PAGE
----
Many veterans are turning to marijuana to ease symptoms of post traumatic stress disorder, despite concerns from the medical community about how effective pot is at treating the condition.

There are a "tremendous" number of testimonials from patients with post traumatic stress disorder who say dried cannabis helps them, but there is a lack of randomized, controlled trials, said Dr. Stewart Cameron, a family physician and professor at Dalhousie University's faculty of medicine.

In September 2014, the College of Family Physicians of Canada released a document to help doctors decide how to use cannabis in their practices.

"They strongly recommended that it not be used for PTSD," said Cameron. "They suggested it should be reserved as a third or fourth line agent in people who suffer certain types of pain."

Veterans Affairs paid out $5.2 million for medical marijuana to veterans across Canada last year. Of that, $3.4 million went to veterans in Atlantic Canada.

The department could not say which ailments the veterans are treating with marijuana, because Veterans Affairs doesn't track cannabis reimbursement by condition.

'Natural choice medicine'

Medical marijuana advocate Fabian Henry says most of the 500 veterans who visited his company last year were looking for authorization to use marijuana to help with post traumatic stress disorder.

Henry's company, Marijuana for Trauma, connects veterans with physicians willing to authorize medical cannabis. The organization has helped hundreds of veterans fill out forms for medical pot reimbursement from Veterans Affairs Canada.

Marijuana for Trauma calls cannabis "a natural choice medicine" and says it's "proven to be effective in 85 per cent of those who suffer with PTSD."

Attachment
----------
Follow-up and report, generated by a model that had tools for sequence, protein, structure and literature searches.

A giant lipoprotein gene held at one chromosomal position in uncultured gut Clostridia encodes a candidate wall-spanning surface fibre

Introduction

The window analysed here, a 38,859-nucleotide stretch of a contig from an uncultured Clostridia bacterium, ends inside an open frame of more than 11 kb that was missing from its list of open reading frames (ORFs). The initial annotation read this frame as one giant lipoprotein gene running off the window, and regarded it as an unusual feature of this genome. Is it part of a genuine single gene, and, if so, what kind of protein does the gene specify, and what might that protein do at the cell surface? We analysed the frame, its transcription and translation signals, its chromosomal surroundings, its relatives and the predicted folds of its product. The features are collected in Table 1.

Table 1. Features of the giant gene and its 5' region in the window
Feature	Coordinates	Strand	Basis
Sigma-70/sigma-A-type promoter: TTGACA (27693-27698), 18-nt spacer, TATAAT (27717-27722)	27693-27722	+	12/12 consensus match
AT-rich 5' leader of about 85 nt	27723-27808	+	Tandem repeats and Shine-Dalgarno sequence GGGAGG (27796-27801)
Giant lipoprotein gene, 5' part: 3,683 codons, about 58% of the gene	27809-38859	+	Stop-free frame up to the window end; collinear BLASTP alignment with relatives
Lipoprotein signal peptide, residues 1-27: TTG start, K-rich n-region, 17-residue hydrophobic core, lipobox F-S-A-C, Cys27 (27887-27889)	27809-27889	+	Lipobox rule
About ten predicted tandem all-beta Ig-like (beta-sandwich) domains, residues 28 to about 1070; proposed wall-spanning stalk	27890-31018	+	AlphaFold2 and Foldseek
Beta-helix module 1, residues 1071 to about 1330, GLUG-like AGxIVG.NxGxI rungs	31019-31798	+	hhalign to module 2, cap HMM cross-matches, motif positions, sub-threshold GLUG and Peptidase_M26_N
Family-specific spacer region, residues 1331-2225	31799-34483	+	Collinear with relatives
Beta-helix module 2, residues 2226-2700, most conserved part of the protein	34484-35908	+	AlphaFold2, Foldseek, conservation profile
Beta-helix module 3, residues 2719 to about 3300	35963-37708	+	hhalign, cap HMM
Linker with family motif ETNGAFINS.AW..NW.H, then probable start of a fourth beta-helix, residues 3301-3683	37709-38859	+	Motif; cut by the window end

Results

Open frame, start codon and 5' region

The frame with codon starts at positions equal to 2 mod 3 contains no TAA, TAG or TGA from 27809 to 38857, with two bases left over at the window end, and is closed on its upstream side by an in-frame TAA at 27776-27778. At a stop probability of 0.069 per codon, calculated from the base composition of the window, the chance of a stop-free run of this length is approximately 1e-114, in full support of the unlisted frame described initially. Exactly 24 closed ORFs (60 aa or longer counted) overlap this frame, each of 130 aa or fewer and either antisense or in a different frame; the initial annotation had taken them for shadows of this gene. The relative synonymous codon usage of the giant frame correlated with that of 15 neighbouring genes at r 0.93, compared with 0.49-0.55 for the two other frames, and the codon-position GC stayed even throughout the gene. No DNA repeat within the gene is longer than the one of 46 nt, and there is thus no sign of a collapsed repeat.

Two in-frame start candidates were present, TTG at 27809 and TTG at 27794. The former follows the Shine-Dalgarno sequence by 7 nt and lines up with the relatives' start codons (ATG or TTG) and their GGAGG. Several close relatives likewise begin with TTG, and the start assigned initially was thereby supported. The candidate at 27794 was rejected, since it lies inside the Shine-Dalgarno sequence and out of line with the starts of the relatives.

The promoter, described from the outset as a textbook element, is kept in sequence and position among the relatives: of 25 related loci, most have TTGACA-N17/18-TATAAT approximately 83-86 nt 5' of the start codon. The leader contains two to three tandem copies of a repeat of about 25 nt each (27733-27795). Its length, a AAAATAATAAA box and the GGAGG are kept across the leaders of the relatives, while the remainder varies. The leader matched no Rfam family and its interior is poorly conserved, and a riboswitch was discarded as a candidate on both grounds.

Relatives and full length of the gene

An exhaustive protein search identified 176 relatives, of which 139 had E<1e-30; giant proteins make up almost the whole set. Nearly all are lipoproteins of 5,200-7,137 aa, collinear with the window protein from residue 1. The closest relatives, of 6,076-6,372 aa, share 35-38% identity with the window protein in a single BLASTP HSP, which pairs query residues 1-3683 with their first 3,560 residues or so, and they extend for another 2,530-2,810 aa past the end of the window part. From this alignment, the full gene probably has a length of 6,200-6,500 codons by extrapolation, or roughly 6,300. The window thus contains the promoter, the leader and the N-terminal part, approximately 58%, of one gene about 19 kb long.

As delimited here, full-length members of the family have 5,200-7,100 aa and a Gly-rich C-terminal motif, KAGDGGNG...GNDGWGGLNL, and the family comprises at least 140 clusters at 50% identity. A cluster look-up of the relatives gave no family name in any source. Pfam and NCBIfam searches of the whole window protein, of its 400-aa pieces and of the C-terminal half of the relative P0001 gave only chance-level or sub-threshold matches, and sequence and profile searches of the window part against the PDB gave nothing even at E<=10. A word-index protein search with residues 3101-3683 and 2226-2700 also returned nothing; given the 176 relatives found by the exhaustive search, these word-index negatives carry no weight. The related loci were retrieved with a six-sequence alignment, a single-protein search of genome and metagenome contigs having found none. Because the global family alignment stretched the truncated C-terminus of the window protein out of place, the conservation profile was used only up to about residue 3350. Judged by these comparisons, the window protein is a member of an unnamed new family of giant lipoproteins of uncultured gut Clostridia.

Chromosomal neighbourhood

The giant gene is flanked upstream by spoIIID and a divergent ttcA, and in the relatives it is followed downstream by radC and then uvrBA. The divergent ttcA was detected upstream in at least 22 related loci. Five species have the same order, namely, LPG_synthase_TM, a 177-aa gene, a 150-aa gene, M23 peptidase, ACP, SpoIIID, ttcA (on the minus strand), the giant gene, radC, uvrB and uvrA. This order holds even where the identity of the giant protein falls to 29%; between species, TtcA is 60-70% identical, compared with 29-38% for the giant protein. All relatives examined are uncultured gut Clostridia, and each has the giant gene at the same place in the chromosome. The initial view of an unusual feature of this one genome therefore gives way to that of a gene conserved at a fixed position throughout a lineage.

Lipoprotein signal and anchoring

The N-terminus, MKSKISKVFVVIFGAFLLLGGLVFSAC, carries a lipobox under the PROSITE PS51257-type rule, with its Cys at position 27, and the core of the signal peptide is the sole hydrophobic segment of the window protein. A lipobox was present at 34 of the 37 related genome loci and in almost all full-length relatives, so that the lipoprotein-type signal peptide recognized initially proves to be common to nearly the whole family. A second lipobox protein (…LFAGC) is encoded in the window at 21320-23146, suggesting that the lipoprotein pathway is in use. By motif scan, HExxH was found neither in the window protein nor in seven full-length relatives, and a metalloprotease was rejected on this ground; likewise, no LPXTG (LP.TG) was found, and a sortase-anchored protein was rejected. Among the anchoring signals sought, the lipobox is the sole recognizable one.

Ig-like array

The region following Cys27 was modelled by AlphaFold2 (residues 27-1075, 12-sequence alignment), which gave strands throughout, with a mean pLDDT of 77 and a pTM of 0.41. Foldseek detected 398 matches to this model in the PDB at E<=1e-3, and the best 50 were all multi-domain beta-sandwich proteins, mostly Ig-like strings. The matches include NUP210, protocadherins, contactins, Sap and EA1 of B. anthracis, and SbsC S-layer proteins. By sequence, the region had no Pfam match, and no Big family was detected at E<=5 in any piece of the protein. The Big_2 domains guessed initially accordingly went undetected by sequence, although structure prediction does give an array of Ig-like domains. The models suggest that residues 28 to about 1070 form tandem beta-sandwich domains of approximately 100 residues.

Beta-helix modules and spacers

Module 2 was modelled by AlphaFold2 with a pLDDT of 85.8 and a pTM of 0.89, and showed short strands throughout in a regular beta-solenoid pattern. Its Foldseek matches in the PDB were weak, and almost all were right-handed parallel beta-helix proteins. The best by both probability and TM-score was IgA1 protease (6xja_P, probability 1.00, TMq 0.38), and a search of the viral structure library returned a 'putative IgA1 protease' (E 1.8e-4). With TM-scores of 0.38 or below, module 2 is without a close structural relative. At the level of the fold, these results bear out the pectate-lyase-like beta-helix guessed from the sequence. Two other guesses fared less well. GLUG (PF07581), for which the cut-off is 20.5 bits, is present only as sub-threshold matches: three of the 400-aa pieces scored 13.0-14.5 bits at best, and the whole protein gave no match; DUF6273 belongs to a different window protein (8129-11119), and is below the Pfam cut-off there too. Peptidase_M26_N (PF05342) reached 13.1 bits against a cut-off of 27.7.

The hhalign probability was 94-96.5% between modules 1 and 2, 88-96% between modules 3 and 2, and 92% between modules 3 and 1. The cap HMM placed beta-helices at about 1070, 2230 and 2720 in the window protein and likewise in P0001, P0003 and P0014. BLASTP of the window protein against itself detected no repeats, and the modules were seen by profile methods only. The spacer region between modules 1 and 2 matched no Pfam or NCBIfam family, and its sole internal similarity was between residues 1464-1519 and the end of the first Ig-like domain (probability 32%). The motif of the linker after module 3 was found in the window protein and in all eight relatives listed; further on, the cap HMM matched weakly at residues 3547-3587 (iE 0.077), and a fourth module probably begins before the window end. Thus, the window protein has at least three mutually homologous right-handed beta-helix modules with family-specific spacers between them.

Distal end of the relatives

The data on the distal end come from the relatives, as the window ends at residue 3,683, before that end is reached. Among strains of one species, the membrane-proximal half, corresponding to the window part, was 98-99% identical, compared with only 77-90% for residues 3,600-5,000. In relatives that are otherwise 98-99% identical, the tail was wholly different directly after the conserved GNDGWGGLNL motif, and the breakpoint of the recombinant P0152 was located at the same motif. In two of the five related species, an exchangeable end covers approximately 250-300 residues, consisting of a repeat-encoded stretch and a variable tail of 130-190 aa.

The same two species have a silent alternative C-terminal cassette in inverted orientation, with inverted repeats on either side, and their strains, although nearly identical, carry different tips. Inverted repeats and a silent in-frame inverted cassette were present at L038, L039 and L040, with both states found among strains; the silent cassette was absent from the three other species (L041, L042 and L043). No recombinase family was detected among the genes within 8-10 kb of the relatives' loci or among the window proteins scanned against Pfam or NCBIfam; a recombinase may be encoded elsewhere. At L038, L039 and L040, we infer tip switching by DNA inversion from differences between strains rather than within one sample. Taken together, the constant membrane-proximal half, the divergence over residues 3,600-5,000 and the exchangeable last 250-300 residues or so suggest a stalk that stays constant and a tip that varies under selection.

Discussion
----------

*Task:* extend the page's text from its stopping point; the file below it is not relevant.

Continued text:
But Canadian medical authorities are far from assigning such a high efficacy rate to the drug.

Doctors Nova Scotia has said it is "concerned about the lack of evidence to support the efficacy of medical marijuana as well as the need for education for physicians who choose to prescribe."

'I'm not doing it until it's commonplace'

Physicians have varying levels of comfort when it comes to authorizing dried cannabis for medical conditions, said Cameron.

"Some physicians are innovators and early adopters, they're happy prescribing this," he said. "Some physicians say, 'I'm not doing it until it's commonplace, until there's solid evidence in place.'"

Dr. Michael Hart, an Ontario family physician, is one of the early adopters. He works with the recently opened branch of Marijuana for Trauma in Markham, Ont.

In an interview with CBC News when the Markham clinic opened, Hart anticipated having to slow down his family practice because 70 to 80 per cent of his patients were expected to be veterans with post traumatic stress disorder looking for cannabis treatment in person or remotely, using video conferencing technology.

Guidelines vary

The guidelines from the College of Physicians and Surgeons of Nova Scotia for authorizing dried cannabis seem to rule out prescribing by video conferencing, said Cameron.

"The college says that medical cannabis, the dried product, must only be authorized in the case of a doctor-patient relationship and direct contact, meaning one of your patients in front of you," he said.

When authorizing dried cannabis, there are concerns about reselling the drug, abuse and using the drug for recreational purposes, said Cameron.

Prescribing through so-called telemedicine is allowed in Ontario.

Some patients with post traumatic stress disorder can barely leave their houses because of their acute conditions and need to attend appointments via video conferencing, said Hart.

'We'll see if there's any benefit'

Traditional pharmaceuticals have not been effective in many PTSD patients, he said.

"If someone's coming to me for PTSD, then you have to assume that they have severe PTSD symptoms and their symptoms are not being adequately controlled," Hart said.

"If that's the case, then I will prescribe them cannabis and then we'll see if there's any benefit to it."

Veterans are also reimbursed up to $300 for vaporizers to administer the marijuana. That cost to Veterans Affairs is not included in the $3.4 million the department paid out to veterans in Atlantic Canada last year.

"Dried marijuana is not an approved drug or medicine in Canada. The Government of Canada does not endorse the use of marijuana, but the courts have required reasonable access to a legal source of marijuana when authorized by a physician," said a spokesperson for Veterans Affairs.